The Chumscrubber

Critics Consensus

This derivative poke at suburbia falls short of delivering a scathing indictment of upper middle-class disconnect.



Total Count: 60


Audience Score

User Ratings: 39,521
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The Chumscrubber Photos

Movie Info

The death of a troubled teen throws a suburban neighborhood into chaos in this darkly satirical comedy. Dean (Jamie Bell) is a disaffected teenager living in a California suburb that's beautiful on the surface but populated by families who live emotionally vacant lives, with the parents often too wrapped up in their own problems to pay attention to their children. One day, Dean discovers his best (and only) friend, Troy (Josh Janowicz), has killed himself. While Troy's mother (Glenn Close) hasn't figured out her son is dead just yet, Dean opts not to tell her, and besides, his own parents (William Fichtner and Allison Janney) don't appear very concerned. Dean, however, does have reason to worry -- Billy (Justin Chatwin), Lee (Lou Taylor Pucci), and Crystal (Camilla Belle) are three bullies who used to buy drugs from Troy, and they want Dean find Troy's remaining stash and give it to them. When Dean refuses to cooperate, the bullies decide to get tough and kidnap Dean's little brother; however, they end up taking the wrong child and Dean grudging finds himself trying to rescue a child he doesn't know. Meanwhile, as the adults in the neighborhood begin to emotionally implode, "the Chumscrubber" becomes a common presence in town -- a comic book and video game character represented by a decapitated post-apocalyptic teenager who has become an unavoidable pop-culture icon. The Chumscrubber also features Ralph Fiennes, Carrie-Anne Moss, John Heard, and Rita Wilson.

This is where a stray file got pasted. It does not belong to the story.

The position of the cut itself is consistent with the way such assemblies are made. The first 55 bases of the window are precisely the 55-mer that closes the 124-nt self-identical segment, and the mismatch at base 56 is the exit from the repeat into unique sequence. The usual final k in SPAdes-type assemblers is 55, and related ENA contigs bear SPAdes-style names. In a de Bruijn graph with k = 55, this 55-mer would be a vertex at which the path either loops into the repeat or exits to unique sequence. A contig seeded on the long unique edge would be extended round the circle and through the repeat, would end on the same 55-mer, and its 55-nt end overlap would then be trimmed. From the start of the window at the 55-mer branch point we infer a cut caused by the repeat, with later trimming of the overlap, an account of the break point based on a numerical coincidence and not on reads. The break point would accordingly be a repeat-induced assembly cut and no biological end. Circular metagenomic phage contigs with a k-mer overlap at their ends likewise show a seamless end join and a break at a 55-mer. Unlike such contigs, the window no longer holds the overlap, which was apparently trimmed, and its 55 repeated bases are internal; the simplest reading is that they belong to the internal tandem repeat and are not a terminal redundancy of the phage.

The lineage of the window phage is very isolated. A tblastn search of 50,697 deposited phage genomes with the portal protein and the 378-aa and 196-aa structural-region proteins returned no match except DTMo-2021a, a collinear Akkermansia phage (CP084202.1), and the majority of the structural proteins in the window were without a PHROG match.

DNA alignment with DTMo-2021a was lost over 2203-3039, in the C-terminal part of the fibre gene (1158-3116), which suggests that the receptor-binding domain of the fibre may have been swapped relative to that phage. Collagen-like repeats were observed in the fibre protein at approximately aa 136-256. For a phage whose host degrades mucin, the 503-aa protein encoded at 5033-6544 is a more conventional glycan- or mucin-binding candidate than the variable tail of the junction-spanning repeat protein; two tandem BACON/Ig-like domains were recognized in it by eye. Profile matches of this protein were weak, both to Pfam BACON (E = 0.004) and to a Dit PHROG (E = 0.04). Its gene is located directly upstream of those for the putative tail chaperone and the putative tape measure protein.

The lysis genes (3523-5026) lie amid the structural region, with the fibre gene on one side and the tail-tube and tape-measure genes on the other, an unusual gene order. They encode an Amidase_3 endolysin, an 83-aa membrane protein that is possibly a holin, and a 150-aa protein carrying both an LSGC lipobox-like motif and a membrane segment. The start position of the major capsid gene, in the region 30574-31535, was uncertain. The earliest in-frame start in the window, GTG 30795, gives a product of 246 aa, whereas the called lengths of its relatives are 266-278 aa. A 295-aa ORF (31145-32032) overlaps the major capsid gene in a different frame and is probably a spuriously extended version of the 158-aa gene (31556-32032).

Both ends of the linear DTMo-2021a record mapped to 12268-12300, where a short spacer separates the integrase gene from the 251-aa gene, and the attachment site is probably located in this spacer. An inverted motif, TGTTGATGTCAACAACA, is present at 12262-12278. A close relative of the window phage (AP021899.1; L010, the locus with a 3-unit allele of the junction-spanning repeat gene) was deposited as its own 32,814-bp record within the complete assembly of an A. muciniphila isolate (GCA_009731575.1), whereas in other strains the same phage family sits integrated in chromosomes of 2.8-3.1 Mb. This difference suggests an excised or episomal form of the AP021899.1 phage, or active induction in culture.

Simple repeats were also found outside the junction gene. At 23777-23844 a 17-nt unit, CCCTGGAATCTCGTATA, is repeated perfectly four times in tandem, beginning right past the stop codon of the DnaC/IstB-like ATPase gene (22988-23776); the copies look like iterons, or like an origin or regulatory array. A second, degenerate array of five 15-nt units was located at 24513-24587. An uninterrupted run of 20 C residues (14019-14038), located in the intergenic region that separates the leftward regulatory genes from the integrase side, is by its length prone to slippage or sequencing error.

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Jamie Bell
as Dean Stiffle
Camilla Belle
as Crystal Falls
Glenn Close
as Mrs. Johnson
Ralph Fiennes
as Mayor Michael Ebbs
John Heard
as Officer Lou Bratley
Allison Janney
as Mrs. Stiffle
William Fichtner
as Dr. Bill Stiffle
Rita Wilson
as Terri Bratley
Carrie-Anne Moss
as Jerri Falls
Thomas Curtis
as Charlie Bratley
Lauren Holly
as Boutique Owner
Jason Isaacs
as Mr. Parker
Rory Culkin
as Charlie Stiffle
Clam Davis
as Billy's Brother
Tim DeKay
as Mr. Peck
Richard Gleason